Richard Rodgers' and Oscar Hammerstein II's The Sound of Music, a romanticized account of Austria's real-life Trapp Family Singers, debuted on Broadway in 1959 and was adapted for film in 1965. This musical shattered multiple show-biz records and brought more tourists to Salzburg than Mozart ever had. Although the movie doesn't have a breath of gingerbread about it, its traditional December TV broadcasts mean that many associate it with Christmas. And this beloved show is playing live, here and now, at Yuletide. Lucky us!
Frankly, I was feeling a bit smug when I entered the Spotlight Theatre on Saturday night. Like many, I've seen the musical onstage, and the film several times. I know how the scripts and songs differ, and what to expect. Yet this production still astounded me: It's a grand, rich experience. Director Sara Tubbs (the theatre's co-owner alongside husband Brent), with music director Jon Jaworowski and an experienced crew and staff, tackled this amiable, venerable bear of a show with enthusiasm. They used the entire space ingeniously, and their creativity was evident throughout.
Soft choral singing in Latin arose while the audience was settling in – the unseen nuns, their lovely voices in an angelic blend, were setting the scene for the show's breathtaking opening. And after she arrives on stage, Lily Blouin interprets her role of Maria in a way I've never seen. She has a fine, full, agile voice (and can yodel like nobody's business), moves with grace, and can play beguiling, awkward, and bold simultaneously. This Maria's distinctive trait is her mischievous streak. She is the irrepressible scamp the nuns describe – climbing trees, whistling on the stair; shocking acts for women in the 1930s; nearly unspeakable ones for a postulant. (Incidentally, why the nuns' outrage about Maria singing in the abbey? You just laid down some sick jams there yourselves, ladies.) Blouin is fresh, exuberant, and altogether delightful.
"Victor Angelo plays Captain Georg von Trapp" is a phrase I didn't anticipate writing – at least, not for another 20 years or so. He has played "younger" very well; a notable skill. "Older" is similarly challenging to portray. Here, Angelo projects a compellingly old-world, aloof, quasi-military demeanor. Yet somehow, he's expressive in his stillness. I saw reluctance behind the captain's stern manner – he wants to share the love he represses, and the first time he sings with his children, his voice smooth and warm … . Why, there's that inner love! (Yes, I cried.) Blouin and Angelo are marvelous together, too. I used to think: How could these Sound of Music characters fall in love? Them becoming a couple seemed forced and weird. With these two performers, though, Maria's and Georg's mutual attraction is clear. After their Ländler-infused wooing, marriage seems a natural progression.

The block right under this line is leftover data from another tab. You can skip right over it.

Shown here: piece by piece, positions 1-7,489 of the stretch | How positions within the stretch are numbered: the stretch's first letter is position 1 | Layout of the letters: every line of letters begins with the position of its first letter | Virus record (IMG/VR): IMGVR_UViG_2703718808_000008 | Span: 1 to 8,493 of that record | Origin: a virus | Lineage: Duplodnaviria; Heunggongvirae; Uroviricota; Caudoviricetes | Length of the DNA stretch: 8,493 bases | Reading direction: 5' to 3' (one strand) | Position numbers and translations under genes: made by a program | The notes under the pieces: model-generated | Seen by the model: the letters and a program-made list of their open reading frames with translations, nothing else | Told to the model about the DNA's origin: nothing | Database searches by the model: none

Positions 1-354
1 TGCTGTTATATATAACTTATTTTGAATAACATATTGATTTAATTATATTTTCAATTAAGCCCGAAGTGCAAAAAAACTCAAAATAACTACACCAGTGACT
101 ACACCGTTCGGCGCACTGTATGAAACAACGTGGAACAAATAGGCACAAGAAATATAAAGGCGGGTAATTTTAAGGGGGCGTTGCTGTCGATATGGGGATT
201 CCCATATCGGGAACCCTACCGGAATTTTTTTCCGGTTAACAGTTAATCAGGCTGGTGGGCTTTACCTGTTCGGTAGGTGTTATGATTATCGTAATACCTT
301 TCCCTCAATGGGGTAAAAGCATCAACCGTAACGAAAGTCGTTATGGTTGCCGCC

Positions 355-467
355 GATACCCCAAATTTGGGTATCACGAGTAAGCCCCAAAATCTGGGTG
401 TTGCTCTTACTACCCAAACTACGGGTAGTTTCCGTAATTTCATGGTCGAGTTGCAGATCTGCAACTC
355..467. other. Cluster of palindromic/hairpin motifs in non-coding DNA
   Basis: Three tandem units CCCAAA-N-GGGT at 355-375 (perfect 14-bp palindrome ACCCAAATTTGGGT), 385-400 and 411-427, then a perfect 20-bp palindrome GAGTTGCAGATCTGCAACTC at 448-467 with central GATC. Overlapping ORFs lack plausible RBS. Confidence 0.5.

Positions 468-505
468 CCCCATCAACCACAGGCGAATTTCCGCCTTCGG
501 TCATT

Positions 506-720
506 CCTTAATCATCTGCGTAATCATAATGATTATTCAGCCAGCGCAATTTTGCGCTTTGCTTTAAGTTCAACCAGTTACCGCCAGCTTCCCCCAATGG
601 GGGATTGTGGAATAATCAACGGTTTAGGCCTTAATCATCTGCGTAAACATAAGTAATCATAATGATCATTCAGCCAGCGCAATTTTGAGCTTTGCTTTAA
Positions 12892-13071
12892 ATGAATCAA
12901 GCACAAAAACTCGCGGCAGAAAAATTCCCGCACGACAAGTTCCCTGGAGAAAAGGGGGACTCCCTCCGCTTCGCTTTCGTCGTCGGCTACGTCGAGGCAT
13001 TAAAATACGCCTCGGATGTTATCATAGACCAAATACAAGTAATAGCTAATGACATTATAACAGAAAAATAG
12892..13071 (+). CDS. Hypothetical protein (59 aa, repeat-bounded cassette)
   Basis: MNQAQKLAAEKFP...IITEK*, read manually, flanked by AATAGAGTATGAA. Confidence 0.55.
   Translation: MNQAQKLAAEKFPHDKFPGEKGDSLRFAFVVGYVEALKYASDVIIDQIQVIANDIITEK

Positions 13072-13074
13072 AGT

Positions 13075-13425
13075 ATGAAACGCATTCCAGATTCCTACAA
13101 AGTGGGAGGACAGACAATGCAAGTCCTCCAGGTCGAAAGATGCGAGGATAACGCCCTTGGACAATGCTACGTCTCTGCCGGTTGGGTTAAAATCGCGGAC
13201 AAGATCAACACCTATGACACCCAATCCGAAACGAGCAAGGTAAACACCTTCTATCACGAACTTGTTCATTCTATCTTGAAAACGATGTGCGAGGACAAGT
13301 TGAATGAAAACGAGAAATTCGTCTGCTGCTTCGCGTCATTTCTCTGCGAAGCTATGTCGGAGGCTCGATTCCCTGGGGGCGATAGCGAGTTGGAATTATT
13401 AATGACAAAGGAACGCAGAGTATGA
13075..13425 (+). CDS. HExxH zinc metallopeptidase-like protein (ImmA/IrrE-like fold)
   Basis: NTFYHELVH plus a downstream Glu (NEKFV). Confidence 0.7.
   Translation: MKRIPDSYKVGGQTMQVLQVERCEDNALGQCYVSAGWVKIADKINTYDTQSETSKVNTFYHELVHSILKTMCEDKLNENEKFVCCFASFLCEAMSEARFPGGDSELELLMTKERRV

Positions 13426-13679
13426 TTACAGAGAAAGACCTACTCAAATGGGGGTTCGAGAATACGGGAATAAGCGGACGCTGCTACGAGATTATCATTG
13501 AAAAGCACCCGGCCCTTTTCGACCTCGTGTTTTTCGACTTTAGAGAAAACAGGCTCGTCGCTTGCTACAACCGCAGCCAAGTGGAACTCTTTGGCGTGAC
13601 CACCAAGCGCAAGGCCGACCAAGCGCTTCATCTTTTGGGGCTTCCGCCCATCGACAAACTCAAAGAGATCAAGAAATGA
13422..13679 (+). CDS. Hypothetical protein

Kriste Marietta (who has an astonishing voice) plays Baroness Schraeder, Georg's erstwhile fiancée, floating in an atmosphere of refined privilege. Refreshingly, she's genial and easygoing – unlike other scheming baronesses I've seen, she's not a baddie. Her polished manner is engaging, and she probably would have made an excellent wife. (You know, aside from being fine with fascism and shipping the kids off to boarding school.) Christopher Tracy, as opportunistic toady Max, is completely convincing as a master-level parasite, yet also utterly loveable. I understood why the children run to embrace him.
Ah, the children! Governess and father get lots of press, but the big stars are the little ones, and the Spotlight's stage sibs are uniformly excellent, with strong voices and solid acting skills. Amber Whitaker, playing the oldest, Liesl, is only a few years past 16 herself, but she's got decades worth of talent. She's an expert singer and can really dance, as can Max Robnett as her crush, Rolf, the most appealing Nazi in Austria.
The roll call continues: Orion Mack as Friedrich (the boy who wants to be a man); Kaitlyn Baker as Louisa (the prankster); Ben Bergthold as Kurt (the incorrigible boy soprano); Evyn Hassel as Brigitta (the brutally honest reader); Esther Hoffman as Marta (the pink parasol enthusiast); and Betsy Bergthold as Gretl. The youngest child is always the most adorable (I know, because I'm a youngest myself), but still – Bergthold is a wonder. Whenever the littlest von Trapp spoke, the audience hummed with "awws" and quiet laughter at her charm, though we instinctively stifled our chuckles so she wouldn't think we were laughing about mistakes. Sweetheart, you did everything right.
Tubbs' large cast, including the vastly talented and versatile ensemble, worked hard for nearly three hours, and delivered more than two dozen musical numbers. The show is a marathon for its crew, too, who have to pull off multiple swift scene changes (and each set here is stunningly elegant). Various dances, bits of business, and even vocal inflections were lifted straight from the movie, as was one of my favorite numbers: the karmic-reward anthem "Something Good." (It was written for the film, but added to subsequent stage scripts.)
You'd think a production of this professional quality is part of a national tour, but it was all done by our neighbors, right here. I had nothing to do with the Spotlight Theatre's The Sound of Music, but I'm still so proud. Please make it a priority to see this remarkable show during this busy holiday season, and bring your family, friends, and out-of-town guests. It is beyond something good.
The Sound of Music runs at the Spotlight Theatre (1800 Seventh Avenue, Moline IL) through December 12, and more information and tickets are available by calling (309)912-7647 and visiting TheSpotlightTheatreQC.com.